Yesterday at noon, a letter arrived in the office addressed to me from the good people at the National Immigration Agency (NIA). Three weeks earlier, I had applied for my permanent residency, equivalent to a Green Card in the U.S. There was never really any doubt that I would be approved, since I had all my ducks in a row, but you never know how things might shake out behind the scenes. It’s good to never think something is a slam dunk until it is in fact, a slam dunk.
Anyway, the puzzling aspect of the letter’s arrival immediately struck a twinge of fear in my heart. During the application process, the clerk specifically said that it would be 6-8 weeks before I would be notified of my status – unless there was a problem and they needed additional paperwork to make it happen. But then, she said, they would most likely call me, or my employer directly. The whole process was supposed to be 8 weeks, we’re on Week 3. So it certainly didn’t ease my anxiety that the letter was entirely in Chinese, too. This didn’t look good at first glance.
There’s a dude in the office who more or less acts as an agent for these types of situations, although I’m the only foreigner in the company. In past years, when my ARC (Alien Resident Certificate – the Blue Card) needed to be renewed, this dude did all the in-between work, mainly because the ARC is tied to employment. That’s not important. What is important is that he speaks excellent English and he’s familiar with the folks down at NIA. So I put the letter in front of him and said, “What does this say?”
Dude read the letter and mumbled a couple of times before finally saying, “I don’t know what this means.”
“Does it mean my Green Card is approved or not?”
He re-read the letter and said, “I think so.”
“Can you translate the letter to me in real-time? What exactly does it say?”
Dude shifted his position and said, “OK, I’ll read it.”
The letter said that according to law number 666, my application for permanent residency has been approved. And that’s all it said, basically. Dude was perplexed.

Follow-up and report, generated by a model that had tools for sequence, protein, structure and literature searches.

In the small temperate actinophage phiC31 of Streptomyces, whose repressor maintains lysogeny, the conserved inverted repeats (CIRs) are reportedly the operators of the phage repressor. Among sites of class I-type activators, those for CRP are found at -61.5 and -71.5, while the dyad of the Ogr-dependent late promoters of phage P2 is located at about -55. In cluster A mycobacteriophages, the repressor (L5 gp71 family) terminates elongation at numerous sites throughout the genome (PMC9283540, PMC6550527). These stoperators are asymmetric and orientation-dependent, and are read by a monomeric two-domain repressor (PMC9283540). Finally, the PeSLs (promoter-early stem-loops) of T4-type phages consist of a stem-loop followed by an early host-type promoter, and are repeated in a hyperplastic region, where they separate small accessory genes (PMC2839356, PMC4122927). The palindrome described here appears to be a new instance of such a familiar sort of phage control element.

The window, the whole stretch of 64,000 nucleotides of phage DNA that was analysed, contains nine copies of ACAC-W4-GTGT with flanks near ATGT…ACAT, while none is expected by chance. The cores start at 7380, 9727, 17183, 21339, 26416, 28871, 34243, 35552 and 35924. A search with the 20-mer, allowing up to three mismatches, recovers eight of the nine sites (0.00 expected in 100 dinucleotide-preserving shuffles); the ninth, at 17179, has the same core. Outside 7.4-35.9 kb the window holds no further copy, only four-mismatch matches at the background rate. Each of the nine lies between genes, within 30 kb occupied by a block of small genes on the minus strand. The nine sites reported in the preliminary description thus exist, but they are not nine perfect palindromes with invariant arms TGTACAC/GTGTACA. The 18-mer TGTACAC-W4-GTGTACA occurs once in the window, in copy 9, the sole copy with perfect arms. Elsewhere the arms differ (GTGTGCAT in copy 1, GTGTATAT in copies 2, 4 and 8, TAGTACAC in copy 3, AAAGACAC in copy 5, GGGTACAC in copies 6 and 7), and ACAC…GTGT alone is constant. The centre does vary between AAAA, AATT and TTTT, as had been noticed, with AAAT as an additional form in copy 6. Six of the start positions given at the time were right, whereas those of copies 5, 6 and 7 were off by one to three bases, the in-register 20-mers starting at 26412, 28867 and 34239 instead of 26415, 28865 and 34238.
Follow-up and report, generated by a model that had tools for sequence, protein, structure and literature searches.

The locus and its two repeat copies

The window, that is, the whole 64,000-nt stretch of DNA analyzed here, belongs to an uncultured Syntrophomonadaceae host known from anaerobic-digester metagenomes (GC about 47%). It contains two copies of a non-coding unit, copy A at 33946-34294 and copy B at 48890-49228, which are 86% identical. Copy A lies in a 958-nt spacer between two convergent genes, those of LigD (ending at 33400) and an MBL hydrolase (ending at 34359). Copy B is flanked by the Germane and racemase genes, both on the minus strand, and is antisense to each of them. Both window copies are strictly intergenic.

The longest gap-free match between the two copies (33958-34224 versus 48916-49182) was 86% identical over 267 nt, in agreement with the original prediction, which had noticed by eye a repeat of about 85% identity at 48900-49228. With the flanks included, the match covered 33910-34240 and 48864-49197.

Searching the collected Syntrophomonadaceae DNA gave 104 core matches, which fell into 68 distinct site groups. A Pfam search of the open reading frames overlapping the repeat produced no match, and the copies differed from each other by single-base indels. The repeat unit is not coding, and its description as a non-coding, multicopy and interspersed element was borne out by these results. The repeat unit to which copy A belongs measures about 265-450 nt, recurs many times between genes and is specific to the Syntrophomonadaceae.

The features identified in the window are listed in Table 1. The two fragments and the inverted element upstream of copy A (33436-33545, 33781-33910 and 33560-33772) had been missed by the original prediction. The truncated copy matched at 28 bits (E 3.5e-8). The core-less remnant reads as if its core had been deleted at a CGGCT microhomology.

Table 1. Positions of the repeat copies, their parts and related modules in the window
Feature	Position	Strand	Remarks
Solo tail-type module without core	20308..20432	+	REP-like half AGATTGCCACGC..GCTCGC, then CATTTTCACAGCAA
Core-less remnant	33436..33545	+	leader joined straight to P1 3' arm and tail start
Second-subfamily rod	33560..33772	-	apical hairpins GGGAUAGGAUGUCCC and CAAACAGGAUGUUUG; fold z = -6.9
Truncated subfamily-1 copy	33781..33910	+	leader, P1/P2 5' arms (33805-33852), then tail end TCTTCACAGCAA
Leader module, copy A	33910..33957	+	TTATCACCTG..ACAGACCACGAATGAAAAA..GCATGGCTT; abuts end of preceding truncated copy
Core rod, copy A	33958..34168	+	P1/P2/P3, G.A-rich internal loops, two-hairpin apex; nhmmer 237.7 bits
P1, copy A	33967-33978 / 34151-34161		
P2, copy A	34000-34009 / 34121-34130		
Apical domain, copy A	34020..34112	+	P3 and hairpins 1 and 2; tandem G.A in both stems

“It says you’ve been approved, but it doesn’t say when. It should have the date when you’re supposed to visit the NIA and pick it up. But it doesn’t. That’s strange.”
The words “you’ve been approved” felt good to hear, but I still wasn’t completely satisfied. “So…what does this mean?”
Dude said, “I’ll call them after lunch.”
Those were two of the longest hours of my life in Taiwan.
Just before 2:00 p.m., Dude came in my office and said, “Sir, you’re all set. You can pick up your Green Card on April XX.”
“That was fast.”
What the Taiwan version of a Green Card means to me is two-fold. First, it means residency and work permits are not required to be sponsored by my employer (or anybody else, for that matter). This also means I can work for whomever and wherever I choose. Next, it means that I never have to leave Taiwan unless I want to. They can’t kick me out for overstaying a visa, or letting my prior residency certificate lapse, or moonlighting as a freelance writer, or really, anything that I might have done (but didn’t do) wrong prior to having a Green Card.
Other than putting in the time and jumping through a couple of minor bureaucratic hoops, getting my Green Card was simple, thanks to the NIA’s expedience and accommodation. They make it really fucking easy for us. Anyway, it feels good to finally get the card. It’s like Taiwan has said, “Hey, you’re cool. You can stay.” And that’s nice, because you should always be where you are wanted; or at the very least, tolerated.
Taiwan now joins the lists of places that were once and will always be a “home.” No matter how irritated or frustrated I may get by some of the ticky-tack shit that happens on a daily basis, Taiwan is truly an easy place to be as a foreigner. They may call us waiguoren (outside people; foreigner) and laowai (old ghost), but these terms are echoes of the past. Considering the history of the island, we are all of us waiguoren and laowai, even if you were born here and speak mellifluous Mandarin. Taiwan is not China. I’ve been to China. It’s not Taiwan.